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Invest in the Best–You!

August 13, 2012 Leave a comment

It’s cold turkey time. The first day without a sports-induced moment of excitement since June. My aperitif for the Olympics was the Tour de France. Three weeks of adrenalin-pumped, yellow/white/green and polka dotted trekking through some of the most spectacular scenery in France, if not Europe. I cheered (loudly) along with the crowds from Liege to the narrow route through the Pyrenees, through quaint villages that I looked up on the internet while listening to the commentaries. Along farmlands that stretched seemingly for days, great patches of green and gold with TDF 2012 messages sculpted creatively, making humorous aerial shots. I bored Hubby shamelessly about Bradley Wiggins’ times and who earned the right to wear which jersey on any given day. And when Bradley Wiggins stood on the victory podium flanked by Chris Froome and Vincenzo Nibali, I was there! Okay, actually I was 3500 miles away sitting on my bed, but I cheered as if we were going to share the prize. Crazy sports fan.

But I’m not even a real sports fan, just a temporary groupie.

By the time I grabbed some sleep and blinked my eyes, Olympic Stadium was lit up for the opening ceremony. Switching between the only two stations that offered coverage in my area (how much choice did you have?), I watched mostly indiscriminately and cheered for every athlete and followed the medal count. The stadium crowds may have had the benefit of feeling the excitement and adding their voices to the roar of the crowd, but how else could one observe several events on any given day: weightlifting, swimming (even the synchronized kind), volleyball, fencing, equestrian events, cycling. I realized I don’t know enough about any sport to be able to explain it to anyone else, but that didn’t stop me from enjoying every bit of the action.

And I’m not even a real sports fan.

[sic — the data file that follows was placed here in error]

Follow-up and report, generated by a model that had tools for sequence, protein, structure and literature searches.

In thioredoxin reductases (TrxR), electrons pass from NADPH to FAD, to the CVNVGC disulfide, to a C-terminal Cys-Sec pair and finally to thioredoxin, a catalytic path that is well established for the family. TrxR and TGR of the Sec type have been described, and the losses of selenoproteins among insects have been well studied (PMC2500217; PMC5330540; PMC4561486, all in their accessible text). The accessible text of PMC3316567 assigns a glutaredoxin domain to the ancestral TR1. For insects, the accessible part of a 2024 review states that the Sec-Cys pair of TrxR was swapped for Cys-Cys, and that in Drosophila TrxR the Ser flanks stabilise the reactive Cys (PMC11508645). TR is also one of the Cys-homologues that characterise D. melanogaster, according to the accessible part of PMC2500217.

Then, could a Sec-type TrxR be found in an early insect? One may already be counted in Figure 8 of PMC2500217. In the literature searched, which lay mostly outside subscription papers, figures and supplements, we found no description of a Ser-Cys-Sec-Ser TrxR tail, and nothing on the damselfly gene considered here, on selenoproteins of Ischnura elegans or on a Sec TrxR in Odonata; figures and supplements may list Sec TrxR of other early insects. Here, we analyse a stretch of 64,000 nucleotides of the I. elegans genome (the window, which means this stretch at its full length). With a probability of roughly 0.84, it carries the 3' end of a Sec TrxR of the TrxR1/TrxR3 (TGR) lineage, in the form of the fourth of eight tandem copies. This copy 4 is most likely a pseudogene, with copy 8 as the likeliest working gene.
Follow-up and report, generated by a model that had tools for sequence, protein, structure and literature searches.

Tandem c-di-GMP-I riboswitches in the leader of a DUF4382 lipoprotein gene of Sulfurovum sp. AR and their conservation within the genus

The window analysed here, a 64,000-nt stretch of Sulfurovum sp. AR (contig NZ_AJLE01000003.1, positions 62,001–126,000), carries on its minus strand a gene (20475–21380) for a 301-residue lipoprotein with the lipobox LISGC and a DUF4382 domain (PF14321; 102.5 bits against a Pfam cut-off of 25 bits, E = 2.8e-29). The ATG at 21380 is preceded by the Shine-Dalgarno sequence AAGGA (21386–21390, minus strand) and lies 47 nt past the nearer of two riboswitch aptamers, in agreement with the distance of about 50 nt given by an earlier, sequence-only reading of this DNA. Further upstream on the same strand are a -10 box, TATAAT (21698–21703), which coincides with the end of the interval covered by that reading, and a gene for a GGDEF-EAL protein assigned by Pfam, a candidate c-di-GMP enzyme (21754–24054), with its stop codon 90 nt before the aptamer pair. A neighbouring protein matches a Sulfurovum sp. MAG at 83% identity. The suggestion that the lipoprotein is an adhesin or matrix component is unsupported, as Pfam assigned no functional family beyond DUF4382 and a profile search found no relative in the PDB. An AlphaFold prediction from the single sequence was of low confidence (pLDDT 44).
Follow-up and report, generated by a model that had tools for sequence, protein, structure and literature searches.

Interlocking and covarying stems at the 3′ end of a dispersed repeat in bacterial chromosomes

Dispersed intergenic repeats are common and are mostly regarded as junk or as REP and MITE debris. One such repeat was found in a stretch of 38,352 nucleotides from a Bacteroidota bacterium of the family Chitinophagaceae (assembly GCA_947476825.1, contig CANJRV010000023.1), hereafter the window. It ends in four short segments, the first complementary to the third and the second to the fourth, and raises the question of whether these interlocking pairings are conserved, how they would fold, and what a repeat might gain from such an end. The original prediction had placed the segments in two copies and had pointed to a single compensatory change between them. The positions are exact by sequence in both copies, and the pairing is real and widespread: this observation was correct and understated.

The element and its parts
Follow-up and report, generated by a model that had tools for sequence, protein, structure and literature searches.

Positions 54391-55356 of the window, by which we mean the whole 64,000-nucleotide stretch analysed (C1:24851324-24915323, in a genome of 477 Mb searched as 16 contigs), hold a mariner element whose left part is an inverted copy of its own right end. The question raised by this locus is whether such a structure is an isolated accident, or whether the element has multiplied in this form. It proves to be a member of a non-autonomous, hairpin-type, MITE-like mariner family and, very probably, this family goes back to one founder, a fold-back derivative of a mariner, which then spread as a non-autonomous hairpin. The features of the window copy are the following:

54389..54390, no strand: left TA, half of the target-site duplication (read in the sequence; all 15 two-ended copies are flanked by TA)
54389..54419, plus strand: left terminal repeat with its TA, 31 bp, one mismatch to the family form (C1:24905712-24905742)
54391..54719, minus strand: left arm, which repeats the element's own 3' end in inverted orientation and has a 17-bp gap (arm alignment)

Now that the Olympic flag has been passed on to Rio de Janeiro, the flame has been extinguished and the stadium cleared, there is time for reflection. Undaunted by the fact that not even the Tour de France nor the Olympics could sufficiently motivate me to commit to some kind of exercise plan, I do agree with the following two quotations in the non-sporting events of my life. The first quotation gives me hope that talent isn’t the only factor of success:

Intense Desire

“It sometimes seems that intense desire creates not only its own opportunities, but its own talents.” (Eric Hoffer)

If I am fiercely dedicated to that thing that I love to do, not only can opportunities appear but eventually I will become proficient, and if I dare to dream big enough, talented in that area. Sure natural talent is a great advantage, but even the talented have to practice, sacrifice, set goals and work diligently toward them. The two men who took chances and invested in the talents given to them doubled their initial investments. However, the man who received one talent, hid it and later made excuses for not using the opportunity given to him. This example is found in the Bible (Matthew 25:14-29), and the point is relevant even today. So you think you don’t have enough talent? Apply some intense desire and watch it grow.

Risk

Many people do not like to take risk because they may not succeed and defeat hurts, whether physically or emotionally. The trouble is this:

“If you don’t invest very much, then defeat doesn’t hurt very much and winning is not very exciting.” (Dick Vermeil)

Have you ever challenged an opponent you knew you could beat? A safe, easy victory is not very satisfying. However, full investment does not guarantee victory or the gold medal, but through the tears of victory or defeat, these words will be true: “I did my best. I gave it my all.” Whenever I experienced a failed attempt and my mother found me crying (which was often), she would ask the same question: Did you do your best? Through sniffles or heaving sobs (whichever the occasion required), if I answered yes, she would tell me I had nothing to be ashamed of and order me to hold my head up.

Not every athlete went home with a medal after the closing ceremony on Sunday after years of spending long hours at the track, pool or gym. They all invested much.

Good bye, Wenlock.

Hello, Mandeville!